The Coalition and the Greens have refused to support the bill in its proposed form, saying it strips away fundamental legal rights. It remains to be seen if the government needs to make minor or major tweaks for it to pass through Parliament.

    As part of her submissions regarding the bill, ASADA chief executive Aurora Andruska said one-third of the anti-doping rule violations since 2006 had been uncovered as a result of investigative work rather than positive drug tests.

    Andruska estimates that if ASADA had been able to compel compliance in its investigations - a key plank of the proposed bill - 25 per cent more convictions would have been recorded in the past year alone. At present, the onus is on ASADA to prove athletes have taken illegal substances. However, the bill would remove the presumption of innocence and the onus of proof would be reversed in favour of the agency. Failure to co-operate would result in penalties, including a $5100 fine for not complying with a disclosure notice.

    Concerns have been raised about the impingement on privacy and the potential misuse of the increased powers. However, Australian Olympic Committee president John Coates said in his submission to the Senate standing committee that the powers were necessary because of the ''ineffectiveness of the current testing regime in catching all the cheats''.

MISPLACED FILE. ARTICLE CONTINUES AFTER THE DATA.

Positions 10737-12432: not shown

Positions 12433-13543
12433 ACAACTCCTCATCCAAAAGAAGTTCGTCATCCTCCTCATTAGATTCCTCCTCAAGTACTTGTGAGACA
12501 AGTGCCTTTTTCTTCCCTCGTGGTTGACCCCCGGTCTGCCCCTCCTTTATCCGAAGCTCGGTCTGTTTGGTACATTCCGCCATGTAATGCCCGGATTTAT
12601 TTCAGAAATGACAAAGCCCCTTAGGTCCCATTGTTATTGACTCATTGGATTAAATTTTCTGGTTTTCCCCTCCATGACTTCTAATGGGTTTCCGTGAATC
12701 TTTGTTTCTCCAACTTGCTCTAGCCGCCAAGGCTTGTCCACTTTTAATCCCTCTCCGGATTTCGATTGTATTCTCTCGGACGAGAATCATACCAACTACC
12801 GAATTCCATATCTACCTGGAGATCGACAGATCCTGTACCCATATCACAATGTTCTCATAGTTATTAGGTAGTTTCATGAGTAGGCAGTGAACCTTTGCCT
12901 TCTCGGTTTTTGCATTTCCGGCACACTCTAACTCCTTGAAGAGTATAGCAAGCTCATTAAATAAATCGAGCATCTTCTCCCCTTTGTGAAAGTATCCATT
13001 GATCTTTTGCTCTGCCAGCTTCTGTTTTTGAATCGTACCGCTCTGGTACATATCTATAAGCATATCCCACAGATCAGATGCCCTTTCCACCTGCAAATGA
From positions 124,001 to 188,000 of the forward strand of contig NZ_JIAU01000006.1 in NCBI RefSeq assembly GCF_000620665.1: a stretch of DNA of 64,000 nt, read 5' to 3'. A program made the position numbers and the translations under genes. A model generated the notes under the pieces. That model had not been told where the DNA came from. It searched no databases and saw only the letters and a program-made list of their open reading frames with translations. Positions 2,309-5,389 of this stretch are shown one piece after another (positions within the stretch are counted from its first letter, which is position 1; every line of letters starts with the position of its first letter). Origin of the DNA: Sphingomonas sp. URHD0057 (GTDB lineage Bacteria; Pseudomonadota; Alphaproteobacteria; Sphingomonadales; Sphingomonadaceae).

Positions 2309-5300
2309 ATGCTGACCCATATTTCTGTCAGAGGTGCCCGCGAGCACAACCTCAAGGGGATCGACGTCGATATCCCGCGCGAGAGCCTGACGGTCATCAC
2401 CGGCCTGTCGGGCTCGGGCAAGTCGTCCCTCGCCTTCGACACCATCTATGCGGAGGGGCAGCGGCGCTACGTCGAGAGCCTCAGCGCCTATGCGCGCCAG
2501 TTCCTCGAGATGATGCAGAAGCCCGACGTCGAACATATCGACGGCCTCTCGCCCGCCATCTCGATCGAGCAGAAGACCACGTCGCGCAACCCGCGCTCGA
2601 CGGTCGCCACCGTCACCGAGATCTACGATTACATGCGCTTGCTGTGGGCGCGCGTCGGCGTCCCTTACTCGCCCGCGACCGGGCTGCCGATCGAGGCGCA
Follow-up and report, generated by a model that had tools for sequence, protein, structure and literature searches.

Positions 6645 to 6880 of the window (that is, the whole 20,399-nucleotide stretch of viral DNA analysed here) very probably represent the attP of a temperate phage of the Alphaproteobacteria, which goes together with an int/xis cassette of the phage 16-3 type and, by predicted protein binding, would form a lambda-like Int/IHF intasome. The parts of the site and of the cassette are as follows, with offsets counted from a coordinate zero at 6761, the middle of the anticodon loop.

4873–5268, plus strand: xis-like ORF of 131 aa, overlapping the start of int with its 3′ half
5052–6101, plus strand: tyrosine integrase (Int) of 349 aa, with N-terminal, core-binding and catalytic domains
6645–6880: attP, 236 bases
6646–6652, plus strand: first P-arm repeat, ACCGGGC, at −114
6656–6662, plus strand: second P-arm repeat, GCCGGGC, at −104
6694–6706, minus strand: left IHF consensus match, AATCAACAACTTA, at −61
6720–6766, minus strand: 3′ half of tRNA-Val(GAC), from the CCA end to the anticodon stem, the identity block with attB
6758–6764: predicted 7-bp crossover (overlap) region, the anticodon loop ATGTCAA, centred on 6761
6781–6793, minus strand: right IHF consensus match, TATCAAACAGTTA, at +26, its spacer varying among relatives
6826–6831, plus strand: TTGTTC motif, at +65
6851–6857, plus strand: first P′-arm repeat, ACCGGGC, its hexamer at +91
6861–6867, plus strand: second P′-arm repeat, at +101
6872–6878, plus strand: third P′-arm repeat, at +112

Interim Sharks chief executive Bruno Cullen, the man called in to mop up the financial mess at the Gold Coast Titans last year, has blasted the federal government's handling of the ACC's report into drugs.

    ''I just think it has been extremely badly handled by a lot of people who have had their hands on it and that goes to the very start of all this,'' Cullen said.

    ''Personally, I think it would have been better if information and intelligence gathering turned into hard evidence before anyone ever came out and said anything.''